There are some Patriots fans right now who probably would swap Bill Belichick for Josh McDaniels and Davie Ziegler. Such is the envy generated by splashy free agent moves.
And while it’s impossible to not feel like New England is stagnating — perhaps even regressing — while its AFC rivals aggressively improve, it also is unfair to draw a straight line between the Raiders and the Patriots — despite the obvious connections. What McDaniels and Ziegler did this week in Las Vegas likely wouldn’t be replicated if the duo were in charge in New England. Using their offseason activity as an excuse to claim Belichick is holding the Patriots back is unfair to Belichick, who just won the PFWA’s Executive of the Year Award.
The Raiders, who, like the Patriots, went 10-7 last season and lost in the AFC wild-card round, undeniably are better than they were a couple of months ago. Vegas added superstar receiver Davante Adams, stud pass-rusher Chandler Jones, underrated corner Anthony Averett and stout defensive tackle Bilal Nichols. The Raiders also signed a pair of ex-Patriots in Brandon Bolden and Jakob Johnson.
At this point, you wouldn’t have to work too hard to craft an argument for Vegas being better than New England. And credit to Ziegler and McDaniels for swinging big.
But here’s the thing: The Raiders, specifically McDaniels and Ziegler, needed to make moves like that. The Denver Broncos just traded for Russell Wilson. The Los Angeles Chargers have one of the best offenses in the NFL and have spent this offseason dramatically improving their defense. The Kansas City Chiefs have Patrick Mahomes.
If the Raiders want to compete in that AFC West with Derek Carr at quarterback, they must be aggressive in assembling a talented, competitive roster. Last season’s Raiders were a pleasant surprise, but nobody was confusing them for actual contenders.
Moreover, McDaniels, more than a decade removed from his disastrous tenure in Denver, might’ve wanted to send an early statement in an attempt to win over a jaded, transplanted fanbase. Ziegler might have similar motivations in his first real crack at this NFL general manager thing. There’s something to be said for justifying a hire.
The Raiders franchise hasn’t won a Super Bowl title since 1984. If they don’t go all-in on trying to compete with Wilson, Herbert and Mahomes, that streak will continue for the foreseeable future. Boosting the roster with players such as Adams and Jones not only makes the Raiders a better football team, but also creates tangible fan enthusiasm and makes Vegas an attractive destination to other NFL players. For now, people are taking the Raiders very seriously. That’s a huge win for McDaniels and Ziegler.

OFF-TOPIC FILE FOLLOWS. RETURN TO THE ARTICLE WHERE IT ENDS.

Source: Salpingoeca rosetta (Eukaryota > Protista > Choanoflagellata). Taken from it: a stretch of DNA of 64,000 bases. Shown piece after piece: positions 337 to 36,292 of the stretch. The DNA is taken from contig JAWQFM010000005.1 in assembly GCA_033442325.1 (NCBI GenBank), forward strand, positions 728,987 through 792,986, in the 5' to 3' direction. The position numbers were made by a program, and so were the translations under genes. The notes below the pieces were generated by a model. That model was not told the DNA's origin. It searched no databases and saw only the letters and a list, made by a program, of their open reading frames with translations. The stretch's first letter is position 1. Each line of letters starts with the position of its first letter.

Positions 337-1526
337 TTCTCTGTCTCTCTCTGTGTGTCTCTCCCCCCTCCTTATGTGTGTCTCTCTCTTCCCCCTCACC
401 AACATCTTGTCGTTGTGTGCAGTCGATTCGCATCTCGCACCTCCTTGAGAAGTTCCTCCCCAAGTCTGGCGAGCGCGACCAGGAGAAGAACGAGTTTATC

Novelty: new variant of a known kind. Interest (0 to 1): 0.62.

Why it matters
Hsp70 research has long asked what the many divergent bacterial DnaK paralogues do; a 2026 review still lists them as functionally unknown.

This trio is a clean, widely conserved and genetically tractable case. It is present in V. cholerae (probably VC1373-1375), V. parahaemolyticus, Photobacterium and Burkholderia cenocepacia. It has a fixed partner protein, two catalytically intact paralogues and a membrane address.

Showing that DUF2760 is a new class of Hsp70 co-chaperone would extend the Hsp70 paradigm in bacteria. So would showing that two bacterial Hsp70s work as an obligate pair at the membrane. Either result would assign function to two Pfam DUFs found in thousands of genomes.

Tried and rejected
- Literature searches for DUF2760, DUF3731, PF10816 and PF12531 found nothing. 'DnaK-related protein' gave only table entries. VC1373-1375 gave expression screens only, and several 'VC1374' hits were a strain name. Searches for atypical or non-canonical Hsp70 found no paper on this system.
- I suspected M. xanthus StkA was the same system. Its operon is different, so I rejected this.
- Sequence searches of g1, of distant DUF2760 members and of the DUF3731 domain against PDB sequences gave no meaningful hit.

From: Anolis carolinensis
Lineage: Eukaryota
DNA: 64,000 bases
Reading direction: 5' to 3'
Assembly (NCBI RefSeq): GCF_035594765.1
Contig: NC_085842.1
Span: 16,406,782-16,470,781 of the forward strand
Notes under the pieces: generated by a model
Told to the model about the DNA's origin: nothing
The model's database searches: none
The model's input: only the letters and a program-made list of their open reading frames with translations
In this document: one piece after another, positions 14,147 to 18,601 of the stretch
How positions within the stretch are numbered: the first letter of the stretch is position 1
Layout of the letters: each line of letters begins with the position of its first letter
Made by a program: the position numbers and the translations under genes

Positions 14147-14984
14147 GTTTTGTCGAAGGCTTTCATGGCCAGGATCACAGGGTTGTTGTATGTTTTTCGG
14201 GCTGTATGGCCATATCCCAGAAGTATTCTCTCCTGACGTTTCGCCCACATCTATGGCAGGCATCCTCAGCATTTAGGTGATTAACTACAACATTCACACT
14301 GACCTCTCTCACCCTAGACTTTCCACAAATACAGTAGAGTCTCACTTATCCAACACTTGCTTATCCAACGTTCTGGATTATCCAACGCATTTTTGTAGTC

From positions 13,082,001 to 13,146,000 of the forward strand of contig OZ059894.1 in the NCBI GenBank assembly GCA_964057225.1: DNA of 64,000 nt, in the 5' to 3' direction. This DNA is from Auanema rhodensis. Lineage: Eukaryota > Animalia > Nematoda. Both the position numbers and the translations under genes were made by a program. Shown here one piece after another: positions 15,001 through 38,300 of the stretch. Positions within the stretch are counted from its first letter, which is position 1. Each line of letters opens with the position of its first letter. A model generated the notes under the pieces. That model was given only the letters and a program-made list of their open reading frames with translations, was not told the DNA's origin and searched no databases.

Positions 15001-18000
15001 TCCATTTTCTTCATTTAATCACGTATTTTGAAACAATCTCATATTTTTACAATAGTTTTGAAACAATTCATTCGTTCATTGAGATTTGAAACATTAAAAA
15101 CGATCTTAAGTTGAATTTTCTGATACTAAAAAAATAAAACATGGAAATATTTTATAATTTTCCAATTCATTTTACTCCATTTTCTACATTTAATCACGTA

Obviously, the Patriots are in a different position. People take them seriously. They have six Super Bowl titles in the last 20 years. They have Belichick, still a draw for free agents despite what the morning show talking heads say. They’re a marquee NFL franchise with a championship pedigree. They, too, want to win, but they and their fans aren’t nearly as desperate.
That’s not to say the Patriots shouldn’t be more aggressive in trying to build off of last season, when rookie quarterback Mac Jones and a retooled roster brought the franchise back to the postseason after a year off. They should be. Remaining competitive in the NFL is as difficult as replacing a legendary quarterback — just ask the Miami Dolphins. Things go sideways in a hurry if teams aren’t careful — just ask the 2020 Patriots.
That said, let’s let the offseason play out before running Belichick out of town, shall we? There still are good players available in free agency, and multiple reports indicate New England is more interested in trades this offseason. Plus, if the Patriots can repeat last year’s draft success, they’ll be well on their way toward returning to annual contention, assuming Jones continues his upward trajectory.
A lot can happen between now and training camp. Let’s see what happens.
As for the Raiders, claiming they’re better than the Patriots is no slam-dunk take. Their defense ranked 13 spots behind the Patriots’ last season in Football Outsiders‘ defensive DVOA metric. Does a budget corner, a decent tackle and a 32-year-old Chandler Jones completely close that gap? Perhaps, especially when you consider New England still hasn’t replaced J.C. Jackson at cornerback. But it’s close.
On offense, Vegas ranked 10 spots behind in New England in DVOA. The Raiders’ addition of Adams, coupled with New England’s losses on the offensive line, have made it a closer right. But Carr is Carr, and the Patriots still might have some moves up their sleeves this offseason.
And, as good as McDaniels might be, the edge always goes to Belichick. It just does.
Ultimately, the Raiders are in a different position than the Patriots this offseason, and the two teams remain very close — on paper. Using their respective offseasons to craft hot takes about either team is easy, but lazy.
The good news? New England will visit Las Vegas sometime next season. We should have a clearer sense of where both teams stand by the time the Patriots arrive back in Foxboro.